I have woken up dusty the morning after the night before…
As the coffee touches my soul, the memories from last night swagger in and I smile the smile of the eminently content. Psycho Circus was last night and it was nothing short of brilliant.
However, I think my wife might be leaving me.
From the very beginning, they owned the stage. Their music was deceptive as it shifted between the heavy and the compelling, cycling between the metal and the melodic.
The vocalist had a voice that was robust and he had impressive range, as he growled with the best of them, but could also convincingly carry a tune.
Their energy on stage was immediately apparent, with the place pumping, as everyone seemed to be keen to be a part of what was going on.
These folks reminded me of Mr T in “Rocky 3”, as they were street smart and hungry.
Most of the band sang during each song, but they weren’t in front of a microphone, showing their connection to the music. They were a Unit.
I was impressed by some really clever guitar work throughout their set and the songs carried a sense of social conscience, with themes like living with depression.
Their set held up from start to finish, proving they had stamina to match their talent.
Late in their set they performed a song that was a significant change of pace. It was a curiously quiet and enigmatic track that proved their versatility. It was strong and reached out to the crowd. Whilst they were amazing through their set, their bond as a band shone though in this one. My beautiful was dancing to this one.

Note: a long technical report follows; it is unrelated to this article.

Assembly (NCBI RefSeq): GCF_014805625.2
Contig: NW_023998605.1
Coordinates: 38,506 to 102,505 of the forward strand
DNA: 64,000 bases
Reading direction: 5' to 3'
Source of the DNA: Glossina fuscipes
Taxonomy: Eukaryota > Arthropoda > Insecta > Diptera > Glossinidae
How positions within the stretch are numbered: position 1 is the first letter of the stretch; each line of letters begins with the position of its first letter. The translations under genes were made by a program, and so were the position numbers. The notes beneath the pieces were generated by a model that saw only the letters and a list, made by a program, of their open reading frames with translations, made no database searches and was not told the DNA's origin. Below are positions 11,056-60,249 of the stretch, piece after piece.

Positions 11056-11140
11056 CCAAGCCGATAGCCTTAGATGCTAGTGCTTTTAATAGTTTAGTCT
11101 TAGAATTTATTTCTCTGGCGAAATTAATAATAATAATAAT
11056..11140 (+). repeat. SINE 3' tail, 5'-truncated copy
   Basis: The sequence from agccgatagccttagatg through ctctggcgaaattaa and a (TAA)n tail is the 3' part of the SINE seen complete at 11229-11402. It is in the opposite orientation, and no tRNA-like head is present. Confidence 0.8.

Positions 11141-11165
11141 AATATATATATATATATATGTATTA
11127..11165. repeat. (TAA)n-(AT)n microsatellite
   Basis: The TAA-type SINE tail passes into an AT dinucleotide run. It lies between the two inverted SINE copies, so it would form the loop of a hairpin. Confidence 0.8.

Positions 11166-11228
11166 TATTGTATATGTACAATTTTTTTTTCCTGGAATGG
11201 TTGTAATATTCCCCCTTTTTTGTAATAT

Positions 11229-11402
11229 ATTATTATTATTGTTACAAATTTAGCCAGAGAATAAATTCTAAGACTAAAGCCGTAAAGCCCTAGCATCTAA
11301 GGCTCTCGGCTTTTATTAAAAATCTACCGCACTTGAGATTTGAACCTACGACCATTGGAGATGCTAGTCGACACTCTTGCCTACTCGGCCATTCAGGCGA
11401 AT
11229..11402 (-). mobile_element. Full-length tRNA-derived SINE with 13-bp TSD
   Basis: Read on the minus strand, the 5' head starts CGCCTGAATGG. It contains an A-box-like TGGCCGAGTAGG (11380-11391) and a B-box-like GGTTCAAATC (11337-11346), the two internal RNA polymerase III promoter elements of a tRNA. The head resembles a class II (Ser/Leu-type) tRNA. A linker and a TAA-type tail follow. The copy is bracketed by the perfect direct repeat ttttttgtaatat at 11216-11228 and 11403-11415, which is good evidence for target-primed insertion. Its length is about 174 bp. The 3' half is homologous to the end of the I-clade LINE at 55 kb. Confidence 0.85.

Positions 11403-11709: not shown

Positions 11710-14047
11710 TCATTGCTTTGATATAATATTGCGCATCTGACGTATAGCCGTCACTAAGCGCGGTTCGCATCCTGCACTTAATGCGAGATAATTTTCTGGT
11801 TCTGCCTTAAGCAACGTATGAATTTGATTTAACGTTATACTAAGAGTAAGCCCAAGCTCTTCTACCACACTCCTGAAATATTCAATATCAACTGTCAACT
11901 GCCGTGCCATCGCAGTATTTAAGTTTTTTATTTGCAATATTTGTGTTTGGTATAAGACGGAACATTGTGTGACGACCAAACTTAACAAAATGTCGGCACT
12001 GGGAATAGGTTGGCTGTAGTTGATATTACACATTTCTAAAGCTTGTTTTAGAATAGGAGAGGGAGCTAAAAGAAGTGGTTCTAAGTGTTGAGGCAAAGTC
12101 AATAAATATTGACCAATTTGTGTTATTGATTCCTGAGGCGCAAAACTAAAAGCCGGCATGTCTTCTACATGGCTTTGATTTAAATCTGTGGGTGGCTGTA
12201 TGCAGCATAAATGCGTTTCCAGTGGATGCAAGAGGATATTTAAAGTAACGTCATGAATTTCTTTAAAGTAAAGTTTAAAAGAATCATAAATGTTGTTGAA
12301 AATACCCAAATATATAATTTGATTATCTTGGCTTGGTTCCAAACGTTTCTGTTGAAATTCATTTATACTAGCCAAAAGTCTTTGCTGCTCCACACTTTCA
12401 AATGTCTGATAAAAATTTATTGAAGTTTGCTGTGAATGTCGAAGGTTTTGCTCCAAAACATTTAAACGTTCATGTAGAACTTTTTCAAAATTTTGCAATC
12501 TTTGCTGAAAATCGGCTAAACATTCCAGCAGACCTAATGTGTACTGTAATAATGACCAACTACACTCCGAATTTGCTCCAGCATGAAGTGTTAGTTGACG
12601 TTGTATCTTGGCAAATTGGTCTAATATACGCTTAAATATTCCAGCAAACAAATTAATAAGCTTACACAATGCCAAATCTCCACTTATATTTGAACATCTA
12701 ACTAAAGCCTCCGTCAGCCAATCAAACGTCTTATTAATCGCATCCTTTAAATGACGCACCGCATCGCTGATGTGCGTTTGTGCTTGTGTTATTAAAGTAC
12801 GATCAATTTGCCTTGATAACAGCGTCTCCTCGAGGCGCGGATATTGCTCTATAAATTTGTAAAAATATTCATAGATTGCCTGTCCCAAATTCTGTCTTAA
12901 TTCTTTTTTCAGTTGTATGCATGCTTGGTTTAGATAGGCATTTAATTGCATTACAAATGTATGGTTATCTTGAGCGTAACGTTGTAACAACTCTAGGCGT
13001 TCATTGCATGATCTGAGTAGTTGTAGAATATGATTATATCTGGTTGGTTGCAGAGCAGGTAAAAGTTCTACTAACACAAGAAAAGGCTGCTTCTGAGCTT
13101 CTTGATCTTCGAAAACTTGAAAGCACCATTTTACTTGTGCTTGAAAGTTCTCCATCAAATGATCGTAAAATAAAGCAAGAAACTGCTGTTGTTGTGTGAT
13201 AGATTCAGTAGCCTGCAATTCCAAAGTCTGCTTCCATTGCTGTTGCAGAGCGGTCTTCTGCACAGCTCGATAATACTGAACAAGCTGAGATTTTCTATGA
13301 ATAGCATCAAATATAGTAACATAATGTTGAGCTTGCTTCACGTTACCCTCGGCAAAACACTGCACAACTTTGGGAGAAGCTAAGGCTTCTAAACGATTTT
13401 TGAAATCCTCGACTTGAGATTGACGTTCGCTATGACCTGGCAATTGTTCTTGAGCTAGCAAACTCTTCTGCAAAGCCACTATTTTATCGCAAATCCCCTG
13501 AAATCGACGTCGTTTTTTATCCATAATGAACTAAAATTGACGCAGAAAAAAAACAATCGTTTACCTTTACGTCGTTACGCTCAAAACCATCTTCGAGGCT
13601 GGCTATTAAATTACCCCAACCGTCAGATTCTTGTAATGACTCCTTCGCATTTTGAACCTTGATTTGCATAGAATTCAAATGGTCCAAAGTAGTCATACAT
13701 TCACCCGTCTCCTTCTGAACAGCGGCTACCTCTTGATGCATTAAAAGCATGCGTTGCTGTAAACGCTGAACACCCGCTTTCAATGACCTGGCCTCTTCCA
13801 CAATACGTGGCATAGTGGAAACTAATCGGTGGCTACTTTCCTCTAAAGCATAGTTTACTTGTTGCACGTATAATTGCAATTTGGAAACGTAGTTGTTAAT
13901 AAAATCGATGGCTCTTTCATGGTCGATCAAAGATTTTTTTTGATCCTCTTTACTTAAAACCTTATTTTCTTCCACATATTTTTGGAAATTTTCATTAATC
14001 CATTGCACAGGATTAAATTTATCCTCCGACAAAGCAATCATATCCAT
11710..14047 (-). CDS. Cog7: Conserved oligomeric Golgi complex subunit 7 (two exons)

New Clear Vision
I have seen these rollicking band of miscreants a number of times and had heard a rumour that they had morphed their live act. This intrigued me and I was very much looking forward to what they had done. I wasn’t disappointed!
Gone was the opening with the backing track about a nuclear holocaust, replaced by a shift in the design to their suits. The suits had a zombie-like upgrade, with faux rib cages exposed. This is abundantly appropriate, as the hearts of these folks are always on show for all to see. Their music and opening has morphed into a more robust and mutated version if it’s former self.
NCV slammed with singular style and their energy and enthusiasm on stage was tangible.
They are the people’s band, a group of folks who are just like us, so there is an instant connection with them.
Their sound is chock full of driving beats and a robust intensity that rocks you to the core.
It’s working folks’ metal – honest and hard, like life.
What struck me was a slightly different sound and tempo – this band has grown noticeably in recent times.
NCV obviously enjoy performing and bringing their music to the masses.